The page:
“Nobody’s really sure of the gene that causes it or the surrounding conditions that lead to it. It might be both,” explains Winkler. “You do see more cleft lip palate kids among alcoholic women for example. But nobody really understands it.”
“In the Third World there are thousands or maybe tens of thousands of kids, nobody really knows, that are both born undiagnosed prenatally with cleft lip/palate problems and that do not receive treatment.”
Operation New Smile is doing what it can to change that. In 1999, the Sheba team traveled to Haiphong, Vietnam on their first ‘Smile’ mission. Four doctors went with the Sheba team – two plastic surgeons, a pediatrician and an anesthesiologist. They worked 12 hours a day for a week, operating on babies and toddlers up to three years old. In the end, they operated on between 30 and 50 children suffering from cleft lip/palate.
The team’s first emergency intervention came at the end of 2001. A fire, most likely caused by makeshift fireworks, broke out in the Mesa Redonda section of Lima, Peru. Hundreds of people were killed and hundreds more disfigured in the chaos. The Peruvian government appealed for help, and Israel sent Winkler and a colleague to Lima immediately.
“We packed some bandages, some ointments, some knives and started our long way to Peru. We were there within 72 hours of disaster. And we found ourselves in one of the hospitals working hard with the [local] team, shoulder to shoulder,” recalls Winkler. He and colleague, Dr. Joseph Haik, now head of Sheba’s Burn Unit, worked with the Peruvian doctors and medical staff for approximately ten days, treating hundreds of patients.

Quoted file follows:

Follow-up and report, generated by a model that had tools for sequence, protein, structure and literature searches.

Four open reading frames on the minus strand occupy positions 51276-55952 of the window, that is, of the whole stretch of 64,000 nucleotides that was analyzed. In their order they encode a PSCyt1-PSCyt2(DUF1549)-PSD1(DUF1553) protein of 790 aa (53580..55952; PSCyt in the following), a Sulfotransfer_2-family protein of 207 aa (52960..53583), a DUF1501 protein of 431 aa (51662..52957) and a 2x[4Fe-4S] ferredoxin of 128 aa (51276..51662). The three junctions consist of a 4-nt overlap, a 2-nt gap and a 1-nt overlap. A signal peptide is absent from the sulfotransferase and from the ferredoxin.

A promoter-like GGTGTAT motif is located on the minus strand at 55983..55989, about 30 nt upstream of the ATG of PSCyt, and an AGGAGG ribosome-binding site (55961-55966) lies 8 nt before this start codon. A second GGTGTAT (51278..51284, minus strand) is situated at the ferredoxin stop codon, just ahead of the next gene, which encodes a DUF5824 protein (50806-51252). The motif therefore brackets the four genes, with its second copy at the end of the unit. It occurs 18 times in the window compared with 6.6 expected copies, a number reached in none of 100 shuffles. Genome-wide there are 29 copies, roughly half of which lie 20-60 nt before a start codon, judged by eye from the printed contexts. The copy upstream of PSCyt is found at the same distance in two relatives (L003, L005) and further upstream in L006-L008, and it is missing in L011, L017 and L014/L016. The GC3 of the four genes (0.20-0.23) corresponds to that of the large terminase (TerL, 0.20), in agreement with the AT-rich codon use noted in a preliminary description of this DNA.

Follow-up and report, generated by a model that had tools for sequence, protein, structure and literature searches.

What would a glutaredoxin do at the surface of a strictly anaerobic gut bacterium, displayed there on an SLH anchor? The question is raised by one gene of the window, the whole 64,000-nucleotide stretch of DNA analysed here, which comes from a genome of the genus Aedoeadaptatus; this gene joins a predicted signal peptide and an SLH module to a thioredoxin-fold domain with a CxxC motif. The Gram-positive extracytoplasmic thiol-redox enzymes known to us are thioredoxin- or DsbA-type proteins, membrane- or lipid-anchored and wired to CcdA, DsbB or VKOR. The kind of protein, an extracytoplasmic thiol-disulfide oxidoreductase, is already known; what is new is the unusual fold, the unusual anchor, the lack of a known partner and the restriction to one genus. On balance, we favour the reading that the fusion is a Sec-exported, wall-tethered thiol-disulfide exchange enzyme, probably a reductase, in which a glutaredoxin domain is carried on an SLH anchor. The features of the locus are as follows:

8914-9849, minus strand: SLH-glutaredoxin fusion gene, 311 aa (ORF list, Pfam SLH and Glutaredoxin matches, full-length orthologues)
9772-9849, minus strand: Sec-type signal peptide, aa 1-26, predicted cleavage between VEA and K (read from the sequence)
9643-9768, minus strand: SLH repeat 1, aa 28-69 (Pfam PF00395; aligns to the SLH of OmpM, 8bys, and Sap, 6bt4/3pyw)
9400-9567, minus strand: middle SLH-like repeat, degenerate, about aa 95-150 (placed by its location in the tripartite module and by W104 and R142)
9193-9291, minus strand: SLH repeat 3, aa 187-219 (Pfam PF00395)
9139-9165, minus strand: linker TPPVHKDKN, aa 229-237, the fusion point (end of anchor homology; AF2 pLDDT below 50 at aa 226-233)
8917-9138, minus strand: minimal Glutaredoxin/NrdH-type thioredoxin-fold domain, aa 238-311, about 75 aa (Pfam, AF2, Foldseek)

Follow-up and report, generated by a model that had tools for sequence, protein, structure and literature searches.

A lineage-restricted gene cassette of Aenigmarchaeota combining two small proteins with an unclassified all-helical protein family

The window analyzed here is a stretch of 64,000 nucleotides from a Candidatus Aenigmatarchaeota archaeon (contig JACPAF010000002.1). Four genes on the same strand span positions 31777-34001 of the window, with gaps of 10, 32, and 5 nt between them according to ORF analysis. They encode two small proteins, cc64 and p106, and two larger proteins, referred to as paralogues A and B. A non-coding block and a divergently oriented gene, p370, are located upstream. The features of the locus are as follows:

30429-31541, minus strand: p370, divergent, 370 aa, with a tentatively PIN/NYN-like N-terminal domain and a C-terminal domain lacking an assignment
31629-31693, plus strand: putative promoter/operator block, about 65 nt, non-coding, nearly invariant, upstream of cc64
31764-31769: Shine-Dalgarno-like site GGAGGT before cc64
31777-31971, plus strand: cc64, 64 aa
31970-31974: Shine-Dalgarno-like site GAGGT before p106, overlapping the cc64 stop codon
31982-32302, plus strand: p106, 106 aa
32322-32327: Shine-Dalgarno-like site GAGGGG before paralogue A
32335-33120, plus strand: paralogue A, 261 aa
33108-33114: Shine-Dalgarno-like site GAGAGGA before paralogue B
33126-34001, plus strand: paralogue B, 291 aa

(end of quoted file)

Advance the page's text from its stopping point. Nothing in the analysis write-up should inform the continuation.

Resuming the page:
Peruvian president, Alejandro Toledo and his wife Eliane Karp de Toledo were grateful for the doctors? work, thanking them publicly in a press conference and taking them on a private helicopter ride above the Andes. First Lady Eliane de Toledo had spent several years living in Israel, and when. Winkler told her about Operation New Smile’s work with cleft lip/palate children she offered to help them set up missions in Peru. The group has done three subsequent cleft lip palate missions to Peru, two to the Amazonian region of Peru in 2001 and 2004, and the most recent to Huancayo in February.
Funding for the missions comes from wherever. Winkler and the hospital can find it – sometimes the Israeli Ministry of Foreign Affairs helps, sometimes private donors, and sometimes the doctors pay out of their own pockets. Sheba offers the doctors the time off and the surgical instruments they bring with them and leave behind for their colleagues in the countries they visit.
“We try to always bring stitches, suturing material, and surgical instruments,” explains Winkler. “That’s our highest level of donation.”
He hopes that he can establish regular sources of funding that will enable the group to organize more missions to areas in need.